Series by Christopher Barnes about Belgian beer. In this episode: the Brunehaut brewery and St. Martin Beer.
Brasserie de Brunehaut, located in the municipality of Brunehaut in the picturesque south of Belgium, just outside the historic city of Tournai (Doornik to the Flemish), has become a world-renowned brewery under its new ownership.
Originally founded in 1890, the brewery’s fortunes have waxed and waned over the years until it finally closed its doors in 2005. This is when Marc-Antoine de Mees saw the opportunity to start his own business selling Brunehaut beer. De Mees, who had been selling brewing equipment internationally, bought the brewery and set about turning around the brewery’s reputation and fortunes.
Since Marc-Antoine de Mees took over Brunehaut, he’s boldly turned an old brewery with a mixed reputation into a dynamic operation putting out awarding beers with unique selling points. He kept the Brunehaut beer name but turned it into something new and vibrant. The Brunehaut line of beers is organic with three of them being gluten-free as well! Marc-Antoine is also working with a local family farm, Domaine De Graux, to produce the organic grain he’s using in the Brunehaut beer line. As the farm is able to get more of its land certified organic, he’ll expand the organic title to his other lines as well.
The Brunehaut beers are all organic. The three Brunehaut gluten-free beer types, however, start out life as normal beer but are then subjected to a proprietary process that removes the majority of the gluten. The beers clock in at under 5 parts per million. Most gluten groups list 20 ppm as the threshold.
Each bottle contains a batch number that can be checked against its lab results so you can tell your beer is actually as gluten-free as it promises. You can find the link to their gluten-free certification on the Brunehaut website. In addition to being organic and gluten-free, the beers are also vegan.
Brunehaut Blanche – A Belgian wheat ale brewed with spice. Organic but not gluten-free.
Brunehaut Blonde – A blonde ale that is both organic and gluten-free. Consistently listed as one of the best tasting gluten-free beers in the world.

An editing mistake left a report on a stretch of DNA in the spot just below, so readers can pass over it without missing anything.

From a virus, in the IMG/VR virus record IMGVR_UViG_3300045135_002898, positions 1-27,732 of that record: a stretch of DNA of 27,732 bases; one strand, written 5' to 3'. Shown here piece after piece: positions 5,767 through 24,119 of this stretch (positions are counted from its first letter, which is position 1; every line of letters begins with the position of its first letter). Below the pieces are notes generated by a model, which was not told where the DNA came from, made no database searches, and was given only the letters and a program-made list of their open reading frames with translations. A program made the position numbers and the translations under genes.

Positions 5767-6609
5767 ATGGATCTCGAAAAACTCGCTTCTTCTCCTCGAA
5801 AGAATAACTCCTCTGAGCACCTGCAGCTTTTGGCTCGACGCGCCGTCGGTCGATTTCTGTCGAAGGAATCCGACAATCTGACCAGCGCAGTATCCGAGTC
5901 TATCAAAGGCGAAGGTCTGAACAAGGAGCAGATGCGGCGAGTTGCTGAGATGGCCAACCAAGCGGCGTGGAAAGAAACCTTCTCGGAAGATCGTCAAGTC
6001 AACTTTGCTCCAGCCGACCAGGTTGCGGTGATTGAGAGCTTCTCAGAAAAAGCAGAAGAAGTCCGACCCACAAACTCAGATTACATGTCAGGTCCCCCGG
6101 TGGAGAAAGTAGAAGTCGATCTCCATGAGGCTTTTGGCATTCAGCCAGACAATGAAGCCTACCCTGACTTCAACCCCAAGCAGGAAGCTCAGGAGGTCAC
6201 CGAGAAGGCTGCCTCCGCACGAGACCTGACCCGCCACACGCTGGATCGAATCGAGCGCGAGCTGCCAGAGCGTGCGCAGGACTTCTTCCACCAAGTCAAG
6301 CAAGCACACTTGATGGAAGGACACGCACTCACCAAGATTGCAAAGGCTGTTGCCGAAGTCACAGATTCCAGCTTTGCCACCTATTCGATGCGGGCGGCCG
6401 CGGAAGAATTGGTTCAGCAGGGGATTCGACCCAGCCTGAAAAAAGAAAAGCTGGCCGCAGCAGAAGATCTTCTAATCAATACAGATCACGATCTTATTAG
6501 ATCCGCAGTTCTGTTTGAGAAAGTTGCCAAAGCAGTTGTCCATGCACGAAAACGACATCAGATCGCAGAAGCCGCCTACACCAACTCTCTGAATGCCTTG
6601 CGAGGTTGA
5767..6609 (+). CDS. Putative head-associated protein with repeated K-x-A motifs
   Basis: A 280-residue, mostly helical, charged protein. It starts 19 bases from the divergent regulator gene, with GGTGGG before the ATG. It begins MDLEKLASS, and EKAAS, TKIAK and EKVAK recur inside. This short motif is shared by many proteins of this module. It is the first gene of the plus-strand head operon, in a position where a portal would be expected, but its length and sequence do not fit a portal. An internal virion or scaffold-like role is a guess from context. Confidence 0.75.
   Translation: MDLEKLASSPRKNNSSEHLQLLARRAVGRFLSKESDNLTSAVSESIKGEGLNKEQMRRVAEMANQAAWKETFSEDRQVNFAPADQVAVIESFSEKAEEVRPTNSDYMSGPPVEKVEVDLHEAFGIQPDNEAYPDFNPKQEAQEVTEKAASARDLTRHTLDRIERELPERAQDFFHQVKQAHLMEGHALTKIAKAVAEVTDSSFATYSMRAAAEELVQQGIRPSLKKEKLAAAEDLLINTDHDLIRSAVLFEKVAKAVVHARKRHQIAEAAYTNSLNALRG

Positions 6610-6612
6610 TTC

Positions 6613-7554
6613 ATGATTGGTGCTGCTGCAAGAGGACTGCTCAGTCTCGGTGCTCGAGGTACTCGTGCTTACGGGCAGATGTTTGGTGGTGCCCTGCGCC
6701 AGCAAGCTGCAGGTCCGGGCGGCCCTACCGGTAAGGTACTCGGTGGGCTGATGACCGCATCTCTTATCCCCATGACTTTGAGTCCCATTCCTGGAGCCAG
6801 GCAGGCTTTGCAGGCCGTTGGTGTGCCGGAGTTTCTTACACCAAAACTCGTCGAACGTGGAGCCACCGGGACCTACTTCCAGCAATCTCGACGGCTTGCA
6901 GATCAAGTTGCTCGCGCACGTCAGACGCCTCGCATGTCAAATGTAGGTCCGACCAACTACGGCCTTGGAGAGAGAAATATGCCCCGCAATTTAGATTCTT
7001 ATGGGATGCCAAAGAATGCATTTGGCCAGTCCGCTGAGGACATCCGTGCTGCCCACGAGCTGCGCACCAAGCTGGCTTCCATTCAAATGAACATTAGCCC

Brunehaut Amber – A Brunehaut amber ale beer with a great yeasty Belgian character, organic and gluten-free.
Brunehaut Triple – This is the newest beer in the Brunehaut family. Like its siblings, it’s organic and gluten-free. This beer joined the family with a bang. It won the Bronze medal in the Triple category at the European Beer Star in 2013. This is a major award to win, especially since it was competing against beers that contain gluten!
The St. Martin Beer
The Saint Martin line of beers can trace its history back to the historic Abbey of St. Martin, founded in 1096 AD, located in nearby Tournai. They are authentic Abbey beers allowed to carry the Abbey beer logo. To meet this qualification, the Abbey whose name is being used needs to have a history of brewing and the brewery needs to pay a licensing fee to the church which is used for charity.
Additionally, the beer brewed needs to pay homage to the brewing tradition in some way. St. Martin used to have a brewery. Records were found showing the purchase of spice for the purpose of brewing.
St. Martin Blonde – A Belgian blonde with a crisp, hop character
St. Martin Brune – A Belgian brown or Abbey-style Dubbel with incredible depth of character
St. Martin Triple – A robust and flavorful Abbey-style Triple
St. Martin Cuvee de Noel – A special winter release of spiced dark ale. The spices in this beer pay homage to the original St. Martin beer
St. Martin Cloak of St. Martin – A special limited-release Quad ale
Where to go for a Brunehaut beer
Tournai is an ancient city that has played a role in 2,000+ years of Western European history, starting its life as a minor outpost along a key Roman road. It was once the capital of the Frankish Empire in the 5th century and has been claimed by many empires since.
Today, it sits in the south of Belgium near the French border and is a small city that’s rich with cultural heritage. It boasts the oldest Clock Tower in Belgium which is a UNESCO heritage site along with the Romanesque/Gothic cathedral, Notre-Dame de Tournai. If you wish to visit the remains of the Abbey of St. Martin, you can view them in the basement of the city hall. Tournai and Brasserie de Brunehaut even hosted a beer dinner for the United States’s Ambassador to Belgium in St. Martin’s catacombs a few years ago!
Le Beffroi – This beautiful Brasserie features all of the St. Martin and Brunehaut beers in a delightful environment just off the Grand Place in Tournai. I recommend the Jambon, which is a local favorite and quite delicious.
Sel et Poivre – This small restaurant is situated in near the Brunehaut Brewery in Brunehaut, just south of Tournai. Here you can enjoy a fresh seasonal menu along with a St. Martin beer/Brunehaut.
Aux Amis Réunis – If you’re looking for a more laid back place to just enjoy a few St.Martin/Brunehaut beers while visiting Tournai, this may be the place for you.
Don’t drink and drive!
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Christopher Barnes is an American beer writer, blogger, and brewing industry professional with a passion for travel, Belgium and its beers. You can find his writings at I think about beer or follow him on Facebook or Twitter.
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